AJP Legacy

Comparative effects of phlorizin and phloretin on glucose transport in the cat kidney

Stephen S. Chan, William D. Lotspeich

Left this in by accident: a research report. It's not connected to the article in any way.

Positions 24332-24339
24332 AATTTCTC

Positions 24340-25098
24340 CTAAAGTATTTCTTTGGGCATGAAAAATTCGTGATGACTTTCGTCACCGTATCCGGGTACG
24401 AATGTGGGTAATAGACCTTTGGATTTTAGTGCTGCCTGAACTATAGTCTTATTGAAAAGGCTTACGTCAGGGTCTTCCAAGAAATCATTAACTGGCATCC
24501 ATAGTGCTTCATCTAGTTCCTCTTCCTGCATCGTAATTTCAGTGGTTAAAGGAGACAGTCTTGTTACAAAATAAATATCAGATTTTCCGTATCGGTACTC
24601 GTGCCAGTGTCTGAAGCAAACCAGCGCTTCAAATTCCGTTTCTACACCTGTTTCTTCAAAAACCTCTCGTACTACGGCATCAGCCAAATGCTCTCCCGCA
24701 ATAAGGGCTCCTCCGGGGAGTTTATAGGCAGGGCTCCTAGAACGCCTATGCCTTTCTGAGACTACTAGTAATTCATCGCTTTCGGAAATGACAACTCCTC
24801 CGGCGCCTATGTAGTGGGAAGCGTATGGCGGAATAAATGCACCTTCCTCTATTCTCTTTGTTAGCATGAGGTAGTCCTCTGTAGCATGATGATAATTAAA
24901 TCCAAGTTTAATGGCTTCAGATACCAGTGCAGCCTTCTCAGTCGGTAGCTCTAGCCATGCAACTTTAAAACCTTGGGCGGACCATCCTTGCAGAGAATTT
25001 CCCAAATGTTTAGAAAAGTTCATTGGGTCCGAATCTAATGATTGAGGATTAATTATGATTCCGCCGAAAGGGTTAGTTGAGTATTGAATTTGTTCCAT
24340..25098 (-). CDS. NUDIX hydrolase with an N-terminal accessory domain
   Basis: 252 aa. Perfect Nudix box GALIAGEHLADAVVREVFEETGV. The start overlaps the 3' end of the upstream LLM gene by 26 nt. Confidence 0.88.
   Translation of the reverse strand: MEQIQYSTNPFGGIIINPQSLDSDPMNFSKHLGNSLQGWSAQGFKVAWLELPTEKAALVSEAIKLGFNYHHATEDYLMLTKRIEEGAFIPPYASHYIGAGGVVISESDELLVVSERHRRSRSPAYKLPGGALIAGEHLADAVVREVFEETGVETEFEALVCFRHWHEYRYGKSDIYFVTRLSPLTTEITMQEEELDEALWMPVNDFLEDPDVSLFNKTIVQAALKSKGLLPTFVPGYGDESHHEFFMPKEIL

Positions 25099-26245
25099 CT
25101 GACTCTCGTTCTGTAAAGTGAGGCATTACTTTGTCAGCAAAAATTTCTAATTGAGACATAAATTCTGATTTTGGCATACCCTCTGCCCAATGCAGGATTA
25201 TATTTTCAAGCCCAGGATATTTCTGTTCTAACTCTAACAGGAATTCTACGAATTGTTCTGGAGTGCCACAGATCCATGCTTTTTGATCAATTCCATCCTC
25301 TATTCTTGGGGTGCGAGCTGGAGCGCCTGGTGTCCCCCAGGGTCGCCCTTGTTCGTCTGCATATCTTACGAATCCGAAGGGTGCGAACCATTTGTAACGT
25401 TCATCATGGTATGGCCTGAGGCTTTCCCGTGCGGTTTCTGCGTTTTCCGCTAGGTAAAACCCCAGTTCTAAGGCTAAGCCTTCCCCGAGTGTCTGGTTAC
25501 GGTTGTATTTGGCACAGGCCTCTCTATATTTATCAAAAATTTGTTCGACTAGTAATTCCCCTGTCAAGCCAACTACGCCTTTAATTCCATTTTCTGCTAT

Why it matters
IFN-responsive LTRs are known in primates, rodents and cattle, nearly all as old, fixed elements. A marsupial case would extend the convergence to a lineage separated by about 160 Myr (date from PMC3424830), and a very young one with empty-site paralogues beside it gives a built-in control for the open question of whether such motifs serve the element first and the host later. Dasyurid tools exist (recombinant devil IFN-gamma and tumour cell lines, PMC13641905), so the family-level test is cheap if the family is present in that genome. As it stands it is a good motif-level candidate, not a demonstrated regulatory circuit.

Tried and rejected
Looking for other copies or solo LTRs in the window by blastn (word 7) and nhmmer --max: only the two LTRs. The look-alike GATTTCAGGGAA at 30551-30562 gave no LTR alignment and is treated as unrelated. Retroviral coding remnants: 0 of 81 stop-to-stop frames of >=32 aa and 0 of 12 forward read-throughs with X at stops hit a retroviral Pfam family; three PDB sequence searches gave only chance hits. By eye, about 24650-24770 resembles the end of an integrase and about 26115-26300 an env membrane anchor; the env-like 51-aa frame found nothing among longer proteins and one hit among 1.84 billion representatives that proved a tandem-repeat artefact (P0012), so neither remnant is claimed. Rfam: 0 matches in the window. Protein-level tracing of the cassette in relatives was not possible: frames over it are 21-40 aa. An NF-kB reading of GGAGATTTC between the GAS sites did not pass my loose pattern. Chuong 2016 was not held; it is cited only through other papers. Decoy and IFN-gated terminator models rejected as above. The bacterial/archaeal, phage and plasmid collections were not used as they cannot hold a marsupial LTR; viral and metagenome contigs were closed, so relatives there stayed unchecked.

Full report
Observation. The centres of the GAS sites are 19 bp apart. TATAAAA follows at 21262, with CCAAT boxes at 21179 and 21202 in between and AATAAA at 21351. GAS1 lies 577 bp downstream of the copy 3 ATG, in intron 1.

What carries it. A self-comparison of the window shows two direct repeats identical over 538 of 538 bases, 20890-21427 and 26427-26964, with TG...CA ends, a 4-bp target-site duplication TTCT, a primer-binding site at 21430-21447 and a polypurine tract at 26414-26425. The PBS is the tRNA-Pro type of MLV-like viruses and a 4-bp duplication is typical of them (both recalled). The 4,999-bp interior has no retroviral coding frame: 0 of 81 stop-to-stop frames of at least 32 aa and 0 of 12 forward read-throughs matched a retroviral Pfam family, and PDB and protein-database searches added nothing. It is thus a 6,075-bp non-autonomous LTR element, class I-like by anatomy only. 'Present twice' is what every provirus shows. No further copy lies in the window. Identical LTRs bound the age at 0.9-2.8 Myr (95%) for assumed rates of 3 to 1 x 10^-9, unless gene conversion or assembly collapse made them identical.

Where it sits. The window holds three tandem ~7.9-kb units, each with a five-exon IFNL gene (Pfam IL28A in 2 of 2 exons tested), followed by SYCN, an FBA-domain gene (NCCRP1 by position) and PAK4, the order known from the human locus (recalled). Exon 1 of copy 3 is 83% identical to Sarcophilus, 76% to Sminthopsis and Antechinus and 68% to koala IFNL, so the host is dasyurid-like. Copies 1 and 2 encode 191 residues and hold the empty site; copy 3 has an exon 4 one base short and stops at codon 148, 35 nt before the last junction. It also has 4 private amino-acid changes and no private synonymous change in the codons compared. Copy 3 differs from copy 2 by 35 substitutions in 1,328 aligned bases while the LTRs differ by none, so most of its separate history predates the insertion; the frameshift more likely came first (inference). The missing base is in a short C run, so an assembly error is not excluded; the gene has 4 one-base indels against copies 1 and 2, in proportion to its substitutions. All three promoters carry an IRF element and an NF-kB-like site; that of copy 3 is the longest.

The net tubular reabsorption of glucose (TG) was measured simultaneously in both kidneys of the cat before, during, and after the infusion of small amounts of phlorizin and phloretin at constant rates into one renal artery. Experiments were performed at endogenous and elevated blood glucose levels. The results show that phlorizin blocks glucose transport across the renal tubule at concentrations in renal blood and tissue in the range of 10–5 to 10–7 m. These estimates agree with those for dog kidney in vivo and hamster small intestine in vitro. In addition to this high affinity of phlorizin for the tubular glucose carrier, the experiments also reveal the easily dissociable nature of the phlorizin carrier complex. When blood glucose is elevated the TG is even more sensitive to small concentrations of phlorizin. At all blood glucose levels the aglucone, phloretin, is at least ten times less effective in inhibiting TG than phlorizin itself. These findings are discussed in relation to critical groupings in the phlorizin molecule.